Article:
This college has offered the worst experience of my child's education so far. My child is bright, motivated and ambitious. New College has failed her she, yet she was exceeding in primary and secondary. We have had to pay for a lot of private tuition. My child and some of her peers had to drop subjects and are performing poorly particularly in sciences due to lack of tutor planning attendance and clarity of information. Her chances at getting into university may be thwarted. Worse than that though is the arrogant, cavalier attitude plus lack of evidence of teaching input. I will not be sending any of my other children there. I dread to think what will happen when new college run the planned new secondary school in North Swindon that they bid for. I will be persuing a formal complaint against the college because of one particular lecturer who wrote a scandalous Report which was so far off the mark and devoid of substance. He could not account for himself at a parents evening (he was absent for last years one) Rather than trying to address the questions we asked us to agree to a date after Easter to chat more fully so as not to delay other parents. The next day he canceled the meeting and failed to do the other actions he agreed to which was has refused to help us agree a Success plan for my child. I would say send your child elsewhere if they want to Human Biology or Chemistry.
I went to Swindon college I. The dats when all my peers went to new college, our school didn't have a sixth form, and I would never encourage anyone to go to new college. All of those who went to Swindon college out did those who went to new college. I would suggest Cirencester or 6th form but steer her away if possible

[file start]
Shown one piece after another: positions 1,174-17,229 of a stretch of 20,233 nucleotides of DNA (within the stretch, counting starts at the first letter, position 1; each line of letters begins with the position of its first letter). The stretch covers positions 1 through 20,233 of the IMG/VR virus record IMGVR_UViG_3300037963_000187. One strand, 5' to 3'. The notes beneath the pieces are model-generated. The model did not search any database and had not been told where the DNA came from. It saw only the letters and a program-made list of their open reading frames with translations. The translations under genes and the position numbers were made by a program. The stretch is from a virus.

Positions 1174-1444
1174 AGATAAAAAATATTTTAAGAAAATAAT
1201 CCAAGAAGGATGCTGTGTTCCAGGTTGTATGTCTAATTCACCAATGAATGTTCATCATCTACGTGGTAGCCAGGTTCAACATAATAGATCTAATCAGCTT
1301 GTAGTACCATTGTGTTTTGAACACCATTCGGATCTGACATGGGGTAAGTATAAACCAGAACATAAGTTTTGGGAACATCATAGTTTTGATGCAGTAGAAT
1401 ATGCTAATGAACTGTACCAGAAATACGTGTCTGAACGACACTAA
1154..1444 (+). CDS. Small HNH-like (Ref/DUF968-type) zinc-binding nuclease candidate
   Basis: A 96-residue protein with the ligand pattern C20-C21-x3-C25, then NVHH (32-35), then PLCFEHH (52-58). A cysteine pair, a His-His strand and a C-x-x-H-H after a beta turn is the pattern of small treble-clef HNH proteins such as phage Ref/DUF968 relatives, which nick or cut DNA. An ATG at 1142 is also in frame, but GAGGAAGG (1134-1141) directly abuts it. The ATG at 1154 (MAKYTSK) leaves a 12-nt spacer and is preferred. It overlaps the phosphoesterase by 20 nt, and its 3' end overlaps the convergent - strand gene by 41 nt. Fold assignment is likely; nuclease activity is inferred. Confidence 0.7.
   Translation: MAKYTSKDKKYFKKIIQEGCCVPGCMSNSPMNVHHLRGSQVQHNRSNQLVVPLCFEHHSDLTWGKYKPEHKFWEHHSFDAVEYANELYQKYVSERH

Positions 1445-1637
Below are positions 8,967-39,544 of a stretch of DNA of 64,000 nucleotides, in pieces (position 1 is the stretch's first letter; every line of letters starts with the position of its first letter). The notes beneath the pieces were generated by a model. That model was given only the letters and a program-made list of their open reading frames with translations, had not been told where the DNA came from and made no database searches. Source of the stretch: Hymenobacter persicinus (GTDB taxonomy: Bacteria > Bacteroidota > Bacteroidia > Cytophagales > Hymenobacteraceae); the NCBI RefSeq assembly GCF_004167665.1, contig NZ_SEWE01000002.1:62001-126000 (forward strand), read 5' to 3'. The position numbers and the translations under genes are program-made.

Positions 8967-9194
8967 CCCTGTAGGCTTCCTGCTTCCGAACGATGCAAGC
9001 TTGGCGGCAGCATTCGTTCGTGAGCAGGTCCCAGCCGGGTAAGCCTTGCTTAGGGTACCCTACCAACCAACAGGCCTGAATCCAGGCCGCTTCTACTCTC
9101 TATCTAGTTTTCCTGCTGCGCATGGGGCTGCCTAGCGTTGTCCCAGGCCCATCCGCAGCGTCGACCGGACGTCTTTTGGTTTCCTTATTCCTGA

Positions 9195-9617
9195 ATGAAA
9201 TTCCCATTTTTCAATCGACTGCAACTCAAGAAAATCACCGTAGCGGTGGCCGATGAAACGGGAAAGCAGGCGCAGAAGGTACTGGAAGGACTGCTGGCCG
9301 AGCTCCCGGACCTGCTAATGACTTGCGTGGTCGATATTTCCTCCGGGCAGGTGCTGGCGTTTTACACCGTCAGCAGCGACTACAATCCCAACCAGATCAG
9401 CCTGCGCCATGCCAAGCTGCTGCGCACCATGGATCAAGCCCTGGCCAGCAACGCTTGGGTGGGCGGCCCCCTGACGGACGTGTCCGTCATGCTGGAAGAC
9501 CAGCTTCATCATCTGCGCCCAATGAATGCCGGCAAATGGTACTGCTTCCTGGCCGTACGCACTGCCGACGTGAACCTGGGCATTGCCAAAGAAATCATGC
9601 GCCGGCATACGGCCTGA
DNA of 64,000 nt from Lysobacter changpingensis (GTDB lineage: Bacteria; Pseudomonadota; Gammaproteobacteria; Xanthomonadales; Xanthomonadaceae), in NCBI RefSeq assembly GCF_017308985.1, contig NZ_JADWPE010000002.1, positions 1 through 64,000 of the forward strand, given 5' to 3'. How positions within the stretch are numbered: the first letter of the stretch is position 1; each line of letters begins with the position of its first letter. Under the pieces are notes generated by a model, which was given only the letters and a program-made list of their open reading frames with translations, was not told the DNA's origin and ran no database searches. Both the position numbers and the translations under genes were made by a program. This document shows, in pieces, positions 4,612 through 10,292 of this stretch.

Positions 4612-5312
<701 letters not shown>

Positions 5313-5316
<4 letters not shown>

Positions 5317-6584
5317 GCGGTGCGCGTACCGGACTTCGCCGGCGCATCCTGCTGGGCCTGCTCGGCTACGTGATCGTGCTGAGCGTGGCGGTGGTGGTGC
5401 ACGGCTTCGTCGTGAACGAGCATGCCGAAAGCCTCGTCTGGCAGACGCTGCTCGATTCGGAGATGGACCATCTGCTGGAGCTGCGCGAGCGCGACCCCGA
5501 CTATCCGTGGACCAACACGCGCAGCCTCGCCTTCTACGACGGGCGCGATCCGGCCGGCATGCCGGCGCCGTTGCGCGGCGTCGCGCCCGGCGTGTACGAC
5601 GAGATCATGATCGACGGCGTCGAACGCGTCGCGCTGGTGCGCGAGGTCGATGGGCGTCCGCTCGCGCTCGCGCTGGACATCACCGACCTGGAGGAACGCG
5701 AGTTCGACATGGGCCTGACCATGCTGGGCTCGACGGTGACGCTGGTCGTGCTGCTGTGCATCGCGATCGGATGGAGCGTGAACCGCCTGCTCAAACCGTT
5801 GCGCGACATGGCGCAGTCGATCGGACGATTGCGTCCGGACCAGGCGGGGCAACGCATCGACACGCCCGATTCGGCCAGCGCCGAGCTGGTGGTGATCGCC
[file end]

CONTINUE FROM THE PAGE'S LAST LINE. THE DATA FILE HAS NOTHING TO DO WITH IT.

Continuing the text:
Thank you for sharing your view. Yours is one of many similar views expressed to me. I have a feeling it is ok for night classes for adults but not for young people aspiring to go to uni.
Does anyone know who the principal is at New College as I can't find their name on their website?
My daughter went to New College and studied A levels in Law, Maths, Biology, Government and Politics and Music AS and got A*AABb and is studying law at a RG uni. A level Law wasn't hindrance but it wasnt necessary. She wanted to do it to be sure she liked Law. She wasn't very impressed with the Music Dept (and that's why she dropped it at AS), to be honest the Law Dept wasnt great. They were all put in for a module too early and all got C/D and lower. That was my daughter's only resit and I had to buy independent study guides to ensure a good grade. She was happy with the maths dept though and supposed to be very good for sciences. Her friend got A*A*A*B from New College. However, we looked at Wootton Bassett for 6th form and were only put off by my daughter wanting to do A level music and there being so few children studying music (like literally a handful) and not enough for bands. We really liked everything about it and I certainly wouldn't travel to New College when you have that 6th form closer. My daughter also found that because the college is so big, that she wasn't in any classes with her friends (even those studying the same subject) and she literally just went in for lessons and then came home. Her school didnt have a 6th form but it wasn't the social affair school was. I would never suggest Cirencester over new college and know loads of children who dropped out and wished they'd have gone to their closer college. I think they are academically very similar. However I would certainly suggest Wootton Bassett 6th Form over New College in your circumstances.